Monday, November 1, 2010

The Game's Afoot

Recently I watched Benedict Cumberbatch,the newest incarnation of Sherlock Holmes, in the BBC series "Sherlock", prancing around ecstatically as he made a revelation during his case. He'd just discovered that a serial killer was lose in the city.

"We've got ourselves a serial killer," he says gleefully. "Love those-there's always something to look forward to." This is such a "sherlockian" thing to say. Anyone who knows Holmes knows that he is entirely invested in the impression that he is the smartest head in any group, that everyone is invariably the wrong to his right. He is so obsessed with the game and how he pits his genius to solve his cases, the emotional side of the situation does not faze him. Surely such behaviour usually turns the majority of us off? Generally we hate people who are so sure of their superiority and flaunt it in our faces. Yet many people adore Sherlock Holmes, and we've been doing it for over a hundred and twenty years.

I think my own situation is a testament to the allure of Sherlock Holmes. I read pretty copiously, but I generally avoid mysteries and suspense thrillers. I can get a bit lost watching anything but the simplest Scooby Doo mysteries, but I am fascinated by Sherlock Holmes and go through phases of keen interest. Case in point the fact that I've had the complete short stories for years. I read quite a few of them over time, but have not touched the book for a very long period. Now I'm systematically reading them all again, and even though I detect a hint of sameness in the structure of some of these stories, I am continuing to drive through them, held by the sensational story lines, the warmth of Watson and the attraction of Holmes himself.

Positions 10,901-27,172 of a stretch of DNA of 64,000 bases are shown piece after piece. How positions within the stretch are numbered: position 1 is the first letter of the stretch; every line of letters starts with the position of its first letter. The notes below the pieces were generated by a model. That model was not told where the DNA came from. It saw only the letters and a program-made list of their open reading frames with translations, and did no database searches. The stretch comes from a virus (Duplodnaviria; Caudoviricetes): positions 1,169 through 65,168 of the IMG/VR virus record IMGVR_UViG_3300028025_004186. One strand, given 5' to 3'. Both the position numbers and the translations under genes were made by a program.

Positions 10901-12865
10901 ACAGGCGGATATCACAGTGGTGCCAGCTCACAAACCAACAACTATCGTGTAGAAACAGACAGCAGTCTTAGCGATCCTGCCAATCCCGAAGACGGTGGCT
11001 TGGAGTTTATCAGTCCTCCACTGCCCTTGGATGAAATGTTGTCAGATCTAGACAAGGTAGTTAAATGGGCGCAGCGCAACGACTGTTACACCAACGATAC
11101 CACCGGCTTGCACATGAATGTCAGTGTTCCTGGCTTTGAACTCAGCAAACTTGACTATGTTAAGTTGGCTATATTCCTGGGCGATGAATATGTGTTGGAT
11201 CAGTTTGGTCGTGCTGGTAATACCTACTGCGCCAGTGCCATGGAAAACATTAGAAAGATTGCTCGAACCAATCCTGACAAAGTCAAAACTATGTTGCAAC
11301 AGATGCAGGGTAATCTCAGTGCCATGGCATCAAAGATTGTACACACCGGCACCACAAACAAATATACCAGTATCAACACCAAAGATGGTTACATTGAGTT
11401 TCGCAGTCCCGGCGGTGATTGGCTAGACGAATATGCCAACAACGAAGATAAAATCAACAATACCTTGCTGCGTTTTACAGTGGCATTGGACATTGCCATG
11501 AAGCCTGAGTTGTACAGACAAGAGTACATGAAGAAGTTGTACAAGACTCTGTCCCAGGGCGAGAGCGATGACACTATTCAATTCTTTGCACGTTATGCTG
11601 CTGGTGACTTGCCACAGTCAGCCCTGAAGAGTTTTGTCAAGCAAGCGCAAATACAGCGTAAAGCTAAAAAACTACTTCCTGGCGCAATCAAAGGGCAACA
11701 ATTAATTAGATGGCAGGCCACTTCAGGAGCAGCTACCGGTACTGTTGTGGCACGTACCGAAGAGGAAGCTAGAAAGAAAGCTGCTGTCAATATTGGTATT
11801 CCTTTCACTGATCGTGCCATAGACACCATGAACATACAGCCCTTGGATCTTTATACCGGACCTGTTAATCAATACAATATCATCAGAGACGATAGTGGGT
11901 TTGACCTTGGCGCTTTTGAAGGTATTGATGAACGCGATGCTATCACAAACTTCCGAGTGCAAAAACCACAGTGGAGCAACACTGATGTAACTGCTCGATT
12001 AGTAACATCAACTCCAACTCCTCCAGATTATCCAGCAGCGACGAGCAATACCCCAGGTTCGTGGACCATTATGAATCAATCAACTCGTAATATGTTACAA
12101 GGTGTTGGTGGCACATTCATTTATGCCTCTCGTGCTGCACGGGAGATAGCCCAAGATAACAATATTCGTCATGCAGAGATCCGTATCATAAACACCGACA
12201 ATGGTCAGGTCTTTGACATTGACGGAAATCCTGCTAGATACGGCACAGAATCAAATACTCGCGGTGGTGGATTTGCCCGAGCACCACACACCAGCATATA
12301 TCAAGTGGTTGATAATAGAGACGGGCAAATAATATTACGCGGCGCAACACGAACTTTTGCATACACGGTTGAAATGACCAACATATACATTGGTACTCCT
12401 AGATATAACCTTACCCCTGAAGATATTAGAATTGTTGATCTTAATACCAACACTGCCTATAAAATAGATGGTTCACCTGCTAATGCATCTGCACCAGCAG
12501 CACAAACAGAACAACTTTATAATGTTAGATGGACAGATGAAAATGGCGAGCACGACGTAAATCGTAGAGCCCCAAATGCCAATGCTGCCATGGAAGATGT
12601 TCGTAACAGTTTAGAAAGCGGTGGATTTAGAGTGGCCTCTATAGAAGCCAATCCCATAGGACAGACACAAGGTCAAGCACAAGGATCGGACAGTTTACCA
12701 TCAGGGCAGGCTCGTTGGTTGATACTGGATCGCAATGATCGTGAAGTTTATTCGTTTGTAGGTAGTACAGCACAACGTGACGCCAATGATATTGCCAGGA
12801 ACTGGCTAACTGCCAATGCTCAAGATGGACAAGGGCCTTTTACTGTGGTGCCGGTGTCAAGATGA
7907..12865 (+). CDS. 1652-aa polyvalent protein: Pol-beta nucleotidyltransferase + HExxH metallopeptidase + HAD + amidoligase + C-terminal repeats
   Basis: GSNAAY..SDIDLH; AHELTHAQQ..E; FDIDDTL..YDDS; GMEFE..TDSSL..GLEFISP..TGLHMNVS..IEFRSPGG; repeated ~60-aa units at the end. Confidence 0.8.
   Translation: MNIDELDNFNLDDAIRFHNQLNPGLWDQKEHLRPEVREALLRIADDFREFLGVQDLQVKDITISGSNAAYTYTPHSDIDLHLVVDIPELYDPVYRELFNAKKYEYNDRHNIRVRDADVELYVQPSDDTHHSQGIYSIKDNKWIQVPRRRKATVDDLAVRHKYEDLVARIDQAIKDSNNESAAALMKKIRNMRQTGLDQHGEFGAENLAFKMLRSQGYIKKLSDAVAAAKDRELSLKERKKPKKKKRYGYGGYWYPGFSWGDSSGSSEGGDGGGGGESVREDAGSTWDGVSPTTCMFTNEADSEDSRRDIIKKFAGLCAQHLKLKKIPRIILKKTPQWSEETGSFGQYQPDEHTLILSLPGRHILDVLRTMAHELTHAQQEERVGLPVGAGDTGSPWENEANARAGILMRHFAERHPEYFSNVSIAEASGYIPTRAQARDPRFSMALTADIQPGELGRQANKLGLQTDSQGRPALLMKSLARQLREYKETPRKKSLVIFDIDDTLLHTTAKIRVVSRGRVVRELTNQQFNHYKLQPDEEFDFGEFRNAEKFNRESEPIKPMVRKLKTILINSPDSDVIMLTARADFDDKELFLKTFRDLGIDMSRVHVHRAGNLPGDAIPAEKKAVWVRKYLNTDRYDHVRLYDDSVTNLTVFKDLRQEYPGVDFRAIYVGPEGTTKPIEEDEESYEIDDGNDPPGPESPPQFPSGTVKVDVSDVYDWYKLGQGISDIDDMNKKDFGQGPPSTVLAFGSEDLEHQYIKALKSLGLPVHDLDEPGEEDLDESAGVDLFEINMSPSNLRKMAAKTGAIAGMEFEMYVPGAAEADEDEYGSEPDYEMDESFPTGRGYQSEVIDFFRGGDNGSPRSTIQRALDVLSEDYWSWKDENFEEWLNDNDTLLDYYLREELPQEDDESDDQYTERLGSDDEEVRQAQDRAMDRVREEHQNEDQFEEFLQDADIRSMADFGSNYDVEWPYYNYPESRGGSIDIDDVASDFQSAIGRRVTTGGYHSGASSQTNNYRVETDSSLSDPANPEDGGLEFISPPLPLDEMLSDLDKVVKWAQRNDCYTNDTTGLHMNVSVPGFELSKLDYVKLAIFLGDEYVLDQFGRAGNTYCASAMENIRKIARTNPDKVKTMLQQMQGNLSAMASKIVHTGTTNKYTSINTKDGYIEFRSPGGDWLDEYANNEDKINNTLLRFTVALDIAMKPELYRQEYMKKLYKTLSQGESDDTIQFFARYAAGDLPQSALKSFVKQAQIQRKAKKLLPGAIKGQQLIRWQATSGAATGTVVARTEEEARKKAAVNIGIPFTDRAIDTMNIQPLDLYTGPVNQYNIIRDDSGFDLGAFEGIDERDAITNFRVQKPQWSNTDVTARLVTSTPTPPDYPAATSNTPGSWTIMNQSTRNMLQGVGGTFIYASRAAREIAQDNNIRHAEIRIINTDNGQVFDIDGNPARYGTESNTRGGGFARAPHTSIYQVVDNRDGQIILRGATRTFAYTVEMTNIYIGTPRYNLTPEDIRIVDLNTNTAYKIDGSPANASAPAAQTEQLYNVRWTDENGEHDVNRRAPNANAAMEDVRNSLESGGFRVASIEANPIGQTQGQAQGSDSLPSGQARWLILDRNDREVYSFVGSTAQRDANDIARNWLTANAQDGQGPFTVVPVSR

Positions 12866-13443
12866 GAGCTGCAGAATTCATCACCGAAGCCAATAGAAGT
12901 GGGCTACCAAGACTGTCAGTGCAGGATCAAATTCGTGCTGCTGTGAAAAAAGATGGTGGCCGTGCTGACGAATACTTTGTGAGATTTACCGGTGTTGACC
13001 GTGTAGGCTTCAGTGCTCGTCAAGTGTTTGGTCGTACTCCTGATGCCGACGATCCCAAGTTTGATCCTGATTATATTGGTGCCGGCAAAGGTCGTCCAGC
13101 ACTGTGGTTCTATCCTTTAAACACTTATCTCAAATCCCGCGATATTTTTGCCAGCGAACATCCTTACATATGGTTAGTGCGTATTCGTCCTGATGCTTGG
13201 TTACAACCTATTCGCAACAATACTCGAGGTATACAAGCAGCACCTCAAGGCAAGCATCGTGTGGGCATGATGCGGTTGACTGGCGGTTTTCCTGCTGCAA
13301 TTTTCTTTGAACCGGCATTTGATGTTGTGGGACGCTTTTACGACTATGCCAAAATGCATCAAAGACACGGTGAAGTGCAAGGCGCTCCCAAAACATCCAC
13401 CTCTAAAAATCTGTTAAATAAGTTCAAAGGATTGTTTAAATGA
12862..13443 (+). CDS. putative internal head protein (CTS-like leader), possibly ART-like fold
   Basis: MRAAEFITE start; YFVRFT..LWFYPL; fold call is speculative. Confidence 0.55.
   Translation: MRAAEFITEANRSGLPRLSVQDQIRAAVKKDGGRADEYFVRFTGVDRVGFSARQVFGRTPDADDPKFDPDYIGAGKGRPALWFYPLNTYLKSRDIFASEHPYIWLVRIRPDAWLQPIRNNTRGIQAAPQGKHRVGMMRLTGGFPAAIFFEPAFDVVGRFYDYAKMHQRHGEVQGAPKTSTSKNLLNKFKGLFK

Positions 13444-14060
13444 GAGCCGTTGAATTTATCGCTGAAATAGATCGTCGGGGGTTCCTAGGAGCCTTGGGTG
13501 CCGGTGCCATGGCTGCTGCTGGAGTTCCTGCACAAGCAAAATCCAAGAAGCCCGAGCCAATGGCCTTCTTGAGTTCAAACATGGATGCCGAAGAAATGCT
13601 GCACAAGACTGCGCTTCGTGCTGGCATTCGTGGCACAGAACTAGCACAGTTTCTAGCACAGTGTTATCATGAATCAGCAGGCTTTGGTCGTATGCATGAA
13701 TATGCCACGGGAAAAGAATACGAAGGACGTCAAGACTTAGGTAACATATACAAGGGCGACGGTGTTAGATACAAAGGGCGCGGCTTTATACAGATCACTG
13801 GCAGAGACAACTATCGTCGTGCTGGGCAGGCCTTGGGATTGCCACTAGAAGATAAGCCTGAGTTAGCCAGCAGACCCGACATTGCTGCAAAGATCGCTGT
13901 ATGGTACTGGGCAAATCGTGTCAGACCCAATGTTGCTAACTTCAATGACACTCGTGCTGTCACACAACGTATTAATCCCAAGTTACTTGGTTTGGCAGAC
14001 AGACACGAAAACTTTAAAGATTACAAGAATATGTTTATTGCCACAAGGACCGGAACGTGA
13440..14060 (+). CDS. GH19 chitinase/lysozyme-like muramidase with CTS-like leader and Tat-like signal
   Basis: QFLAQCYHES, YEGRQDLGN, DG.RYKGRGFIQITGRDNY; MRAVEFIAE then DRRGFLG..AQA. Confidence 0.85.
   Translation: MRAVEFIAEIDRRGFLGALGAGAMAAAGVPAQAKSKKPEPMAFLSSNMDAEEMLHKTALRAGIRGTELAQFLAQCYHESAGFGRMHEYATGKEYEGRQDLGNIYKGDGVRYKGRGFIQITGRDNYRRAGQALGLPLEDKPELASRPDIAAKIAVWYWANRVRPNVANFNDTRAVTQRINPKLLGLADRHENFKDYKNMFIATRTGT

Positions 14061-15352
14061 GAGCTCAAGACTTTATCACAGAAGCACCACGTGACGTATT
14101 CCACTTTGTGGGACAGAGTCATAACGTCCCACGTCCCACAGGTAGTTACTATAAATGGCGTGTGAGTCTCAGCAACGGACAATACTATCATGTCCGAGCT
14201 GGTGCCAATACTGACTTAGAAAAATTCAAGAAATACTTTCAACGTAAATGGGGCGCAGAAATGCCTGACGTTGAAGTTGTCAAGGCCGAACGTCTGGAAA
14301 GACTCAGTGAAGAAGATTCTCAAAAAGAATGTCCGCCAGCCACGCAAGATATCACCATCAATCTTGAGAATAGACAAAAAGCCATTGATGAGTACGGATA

There is no doubt that Sherlock attracts us. One of the reasons for our acceptance of him is that - to pickpocket a Jane Austen phrase - "he has the right to be proud". We have a fascination in watching genius at work. For me, that's why I like to watch a good lecturer doing his job or a conductor or musician coaxing brilliance out of their creations. As we read, we see Watson marvelling at Holmes' work, and we understand his hero worship because generally, we're right there beside him, gazing in awe. Holmes may be vain and sure of himself, but it helps that he's generally right in his impressions. He knows for a fact that he's smarter than everyone else in the room.

I also take great pleasure in learning about Holmes' eccentricities. At the moment, I am in a midway state: between those who are Sherlock experts, and those who know next to nothing of the character. I am still learning about him, still learning to picture him, and it's a fascinating image. Through Watson, Sir Arthur Conan Doyle could draw fascinating pictures with precise, detailed description. We see it in every story in the way he describes Holmes' clients. He depicts Holmes in terms which build a perfect image of him in our minds.

When I watch Holmes in other media, it is always exhilarating to see specific "Holmesian" traits manifesting themselves whether in a younger version or a mouse one of Holmes, but we are like Watson and we are always hungry for more. Holmes is reticent about his background, so we get little of his past life or his family except in certain stories, so even as we know him he still seems a bit mysterious.